At its best, Star Wars is a world (or, more accurately, worlds) to get lost within—places and people with incomplete backstories, sci-fi saloons where every dented cantina cup tells a new tale... And it’s all peppered with some occasional, anachronistic laser-sword battles thrown in for good measure. At its worst, it’s Jar-Jar Binks, green screens, soulless IP cash-ins, and overused memes. Really, it shouldn’t be too hard to create the feelings often evoked in the former examples... and yet, here we are a few years later, still steaming over Rise of Skywalker.
There are a lot of factors to blame for the varying, generally tepid output of Star Wars material over the past decade or so, but it’s much more fun to lay the blame on a single, monomaniacal evil empire, so let’s do just that:
Disney. It’s all Disney’s fault.
At least, that’s largely what The Atlantic’s Spencer Kornhaber argues in his recent article for the magazine, which lays out what Disney has so often gotten wrong since acquiring the rights to George Lucas’ universe almost a decade ago.
“The Star Wars franchise offers action and escapism, but re-enchanting our own world was always its greatest trick...Star Wars immerses you in the awesome knowledge that peripheral things—the neighbors you don’t understand, the buildings you don’t notice—have their own sagas,” Kornhaber writes, arguing that the franchise has always been at its best when it leaves in the mysteries and unexplained aspects for its fans to fill in with their own imaginations.
“Many a mediocre Star Wars product has arisen from trying to define every entry in the galactic glossary. The original films work precisely because of the holes,” he later adds, something often missing in the latest trilogy and spin-off films. So, is there no reason for a (sorry) new hope?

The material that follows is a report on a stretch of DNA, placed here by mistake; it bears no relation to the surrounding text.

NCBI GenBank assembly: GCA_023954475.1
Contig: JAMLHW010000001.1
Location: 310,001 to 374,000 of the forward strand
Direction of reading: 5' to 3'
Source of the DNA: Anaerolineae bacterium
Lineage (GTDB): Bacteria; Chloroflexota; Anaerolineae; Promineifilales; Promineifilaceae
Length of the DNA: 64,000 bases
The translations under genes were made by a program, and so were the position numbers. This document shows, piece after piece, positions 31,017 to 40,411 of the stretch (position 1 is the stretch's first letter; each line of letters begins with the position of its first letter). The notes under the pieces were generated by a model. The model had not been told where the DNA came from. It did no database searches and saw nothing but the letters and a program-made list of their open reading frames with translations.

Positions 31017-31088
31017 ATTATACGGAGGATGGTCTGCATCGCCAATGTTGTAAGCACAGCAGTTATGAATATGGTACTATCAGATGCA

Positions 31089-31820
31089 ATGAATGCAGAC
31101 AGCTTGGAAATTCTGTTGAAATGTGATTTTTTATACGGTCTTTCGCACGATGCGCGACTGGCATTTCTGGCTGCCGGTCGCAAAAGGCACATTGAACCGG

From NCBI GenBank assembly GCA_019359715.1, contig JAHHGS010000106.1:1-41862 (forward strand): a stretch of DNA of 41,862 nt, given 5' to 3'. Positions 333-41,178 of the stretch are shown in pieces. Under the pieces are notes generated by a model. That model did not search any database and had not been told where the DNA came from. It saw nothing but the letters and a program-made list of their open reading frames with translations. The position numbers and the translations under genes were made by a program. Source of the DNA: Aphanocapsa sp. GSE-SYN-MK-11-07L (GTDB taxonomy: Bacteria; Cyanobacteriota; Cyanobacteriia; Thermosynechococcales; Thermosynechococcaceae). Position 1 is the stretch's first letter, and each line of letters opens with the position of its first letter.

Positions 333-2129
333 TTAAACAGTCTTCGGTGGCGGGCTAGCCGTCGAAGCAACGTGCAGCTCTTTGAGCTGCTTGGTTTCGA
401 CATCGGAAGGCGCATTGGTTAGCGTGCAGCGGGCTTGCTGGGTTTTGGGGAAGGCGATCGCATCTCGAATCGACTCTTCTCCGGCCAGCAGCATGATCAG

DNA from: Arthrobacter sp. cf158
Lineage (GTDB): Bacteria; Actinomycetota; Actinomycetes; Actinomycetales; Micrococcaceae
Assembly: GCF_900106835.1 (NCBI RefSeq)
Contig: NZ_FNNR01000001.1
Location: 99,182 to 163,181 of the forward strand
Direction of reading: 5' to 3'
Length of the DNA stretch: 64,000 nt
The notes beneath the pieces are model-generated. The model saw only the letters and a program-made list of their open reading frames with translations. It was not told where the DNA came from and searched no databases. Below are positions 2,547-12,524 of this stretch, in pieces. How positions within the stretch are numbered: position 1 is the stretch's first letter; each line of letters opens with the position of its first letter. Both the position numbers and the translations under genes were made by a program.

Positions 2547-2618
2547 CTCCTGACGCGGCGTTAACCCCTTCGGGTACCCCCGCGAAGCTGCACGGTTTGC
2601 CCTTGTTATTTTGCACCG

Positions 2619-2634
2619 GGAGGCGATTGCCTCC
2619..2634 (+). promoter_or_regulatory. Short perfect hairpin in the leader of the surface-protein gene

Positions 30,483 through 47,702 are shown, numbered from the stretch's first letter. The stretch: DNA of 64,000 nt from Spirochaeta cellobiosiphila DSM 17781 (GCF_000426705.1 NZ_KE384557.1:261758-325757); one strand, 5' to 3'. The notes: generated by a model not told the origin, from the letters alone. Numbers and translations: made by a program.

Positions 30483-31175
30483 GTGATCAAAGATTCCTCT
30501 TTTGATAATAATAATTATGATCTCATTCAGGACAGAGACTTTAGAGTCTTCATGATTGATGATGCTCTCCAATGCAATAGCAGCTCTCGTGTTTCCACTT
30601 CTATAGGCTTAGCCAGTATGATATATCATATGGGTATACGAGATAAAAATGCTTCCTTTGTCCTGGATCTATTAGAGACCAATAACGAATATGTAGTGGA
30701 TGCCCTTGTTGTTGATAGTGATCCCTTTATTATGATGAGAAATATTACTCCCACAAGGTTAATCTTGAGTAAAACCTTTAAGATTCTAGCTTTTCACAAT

...Nah, The Mandalorian has got us pretty well covered so far, says Kornhaber. With its old-school sets, dingy worlds, and open-ended mysteries, Disney’s first foray into live-action Star Wars television often precisely captures what makes the beloved universe work so well. “This episodic, open-ended style of entertainment is a hallmark of dramatic TV—but it’s also very Star Wars,” Kornhaber argues, while conceding that it remains to be seen just how long Disney can manage this without caving to fan service and unnecessary tie-ins (recent episodes suggest this unfortunate outcome will happen sooner than later).
But hey, even if The Mandalorian eventually (inevitably) succumbs to a fate similar to so many Star Wars titles before it, there are still a ton of other in-universe series coming our way in the near future, whether we like it or not. Surely, the laws of probability imply at least one of those won’t be half bad, right?
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